INDIANAPOLIS — Counties, cities and towns in Indiana could restrict or outright ban the use of fireworks except during three days of the year under legislation endorsed by a state Senate committee on Wednesday.

The bill approved 9-1 by the Senate Local Government and Elections Committee and sent to the full Senate would be a major change to a law enacted just last year that many legislators had hoped would end years of debate about the sale and use of fireworks in Indiana.

That law permits the use of fireworks every day from 9 a.m. to 11 p.m., with an extension to midnight on state holidays such as the Fourth of July and New Year’s. It requires they be shot off on the user’s property or another’s with the owner’s permission, and imposes a fee on firework purchases that is used for firefighter training.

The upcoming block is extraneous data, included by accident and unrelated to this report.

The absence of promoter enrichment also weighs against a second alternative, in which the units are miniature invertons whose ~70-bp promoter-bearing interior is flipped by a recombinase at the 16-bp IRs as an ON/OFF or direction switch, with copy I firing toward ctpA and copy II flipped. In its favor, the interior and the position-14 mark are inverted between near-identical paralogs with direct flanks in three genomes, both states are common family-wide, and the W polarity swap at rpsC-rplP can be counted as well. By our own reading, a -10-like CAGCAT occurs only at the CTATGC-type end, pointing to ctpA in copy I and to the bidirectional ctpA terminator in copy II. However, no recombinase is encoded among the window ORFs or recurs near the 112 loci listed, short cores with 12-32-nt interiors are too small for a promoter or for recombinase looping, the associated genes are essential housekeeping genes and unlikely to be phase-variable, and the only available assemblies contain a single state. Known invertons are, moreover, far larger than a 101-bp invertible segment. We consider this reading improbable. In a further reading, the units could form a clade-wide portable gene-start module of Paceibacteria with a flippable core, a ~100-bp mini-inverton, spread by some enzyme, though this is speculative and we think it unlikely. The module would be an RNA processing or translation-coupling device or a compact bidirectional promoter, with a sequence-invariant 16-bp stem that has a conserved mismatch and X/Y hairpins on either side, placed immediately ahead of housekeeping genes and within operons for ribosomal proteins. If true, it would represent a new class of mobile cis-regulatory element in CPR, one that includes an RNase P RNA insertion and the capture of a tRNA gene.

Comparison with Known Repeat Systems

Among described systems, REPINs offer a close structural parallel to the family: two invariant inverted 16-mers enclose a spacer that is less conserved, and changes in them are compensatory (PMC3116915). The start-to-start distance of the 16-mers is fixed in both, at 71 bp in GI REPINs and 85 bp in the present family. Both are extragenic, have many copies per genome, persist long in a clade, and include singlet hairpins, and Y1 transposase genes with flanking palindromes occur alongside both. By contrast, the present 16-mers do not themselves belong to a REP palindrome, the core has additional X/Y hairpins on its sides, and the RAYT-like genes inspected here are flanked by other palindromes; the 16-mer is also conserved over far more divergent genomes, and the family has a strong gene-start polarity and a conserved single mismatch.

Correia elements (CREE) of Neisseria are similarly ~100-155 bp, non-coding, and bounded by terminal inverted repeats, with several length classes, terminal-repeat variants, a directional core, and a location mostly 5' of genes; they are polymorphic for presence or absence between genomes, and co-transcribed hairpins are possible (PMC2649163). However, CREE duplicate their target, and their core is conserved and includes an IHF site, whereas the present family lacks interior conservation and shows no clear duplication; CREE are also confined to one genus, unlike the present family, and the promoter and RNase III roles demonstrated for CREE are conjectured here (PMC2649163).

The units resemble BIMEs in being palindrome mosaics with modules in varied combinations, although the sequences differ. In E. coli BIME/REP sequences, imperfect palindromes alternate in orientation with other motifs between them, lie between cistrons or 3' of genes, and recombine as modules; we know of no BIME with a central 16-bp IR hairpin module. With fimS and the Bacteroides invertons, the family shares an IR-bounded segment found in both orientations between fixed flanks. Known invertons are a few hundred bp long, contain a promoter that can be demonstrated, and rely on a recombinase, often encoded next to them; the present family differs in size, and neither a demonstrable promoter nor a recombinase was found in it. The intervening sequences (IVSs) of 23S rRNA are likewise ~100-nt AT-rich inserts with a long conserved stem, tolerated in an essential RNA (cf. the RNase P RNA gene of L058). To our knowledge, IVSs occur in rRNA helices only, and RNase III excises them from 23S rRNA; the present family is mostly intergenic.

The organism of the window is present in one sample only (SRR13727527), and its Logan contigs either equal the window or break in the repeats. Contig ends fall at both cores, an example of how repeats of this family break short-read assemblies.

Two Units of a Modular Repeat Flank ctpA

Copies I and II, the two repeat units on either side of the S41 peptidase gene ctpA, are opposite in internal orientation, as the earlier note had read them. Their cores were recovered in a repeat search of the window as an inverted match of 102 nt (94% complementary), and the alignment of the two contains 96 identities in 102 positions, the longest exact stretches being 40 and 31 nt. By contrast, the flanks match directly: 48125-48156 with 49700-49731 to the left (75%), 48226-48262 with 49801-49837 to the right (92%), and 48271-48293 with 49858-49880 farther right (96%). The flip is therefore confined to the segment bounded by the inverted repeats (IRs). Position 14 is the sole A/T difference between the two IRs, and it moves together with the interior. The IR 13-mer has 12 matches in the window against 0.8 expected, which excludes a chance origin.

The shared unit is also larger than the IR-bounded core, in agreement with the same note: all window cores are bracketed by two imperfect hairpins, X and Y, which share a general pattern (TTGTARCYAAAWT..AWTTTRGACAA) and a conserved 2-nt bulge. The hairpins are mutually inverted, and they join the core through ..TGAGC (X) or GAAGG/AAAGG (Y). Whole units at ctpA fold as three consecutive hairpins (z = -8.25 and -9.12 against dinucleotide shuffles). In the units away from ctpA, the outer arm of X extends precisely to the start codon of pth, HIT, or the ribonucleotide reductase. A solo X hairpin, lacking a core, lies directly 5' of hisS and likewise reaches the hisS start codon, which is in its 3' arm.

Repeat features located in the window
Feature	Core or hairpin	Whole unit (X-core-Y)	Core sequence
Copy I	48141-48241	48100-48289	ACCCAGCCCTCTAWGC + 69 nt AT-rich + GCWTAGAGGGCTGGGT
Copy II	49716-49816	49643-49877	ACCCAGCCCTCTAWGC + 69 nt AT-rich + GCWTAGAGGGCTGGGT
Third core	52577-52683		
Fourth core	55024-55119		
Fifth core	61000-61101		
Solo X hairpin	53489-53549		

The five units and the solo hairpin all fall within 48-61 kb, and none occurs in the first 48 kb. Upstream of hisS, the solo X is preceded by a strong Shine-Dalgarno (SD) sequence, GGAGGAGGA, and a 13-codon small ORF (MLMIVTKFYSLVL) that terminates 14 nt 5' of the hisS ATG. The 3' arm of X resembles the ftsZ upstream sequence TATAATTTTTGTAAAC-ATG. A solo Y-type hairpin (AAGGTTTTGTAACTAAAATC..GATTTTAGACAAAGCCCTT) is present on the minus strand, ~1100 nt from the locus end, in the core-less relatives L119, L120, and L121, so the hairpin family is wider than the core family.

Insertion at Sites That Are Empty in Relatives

The law was meant to end a previous system that allowed people to buy fireworks by signing a form promising to set them off out of state or areas designated for their use. Critics said it was a sham because it was largely ignored, rarely enforced and essentially made criminals out of ordinary residents.

But residents and officials from several cities have complained about the new law, saying it has led to an increase in fireworks use and people are shooting them off early in the morning.

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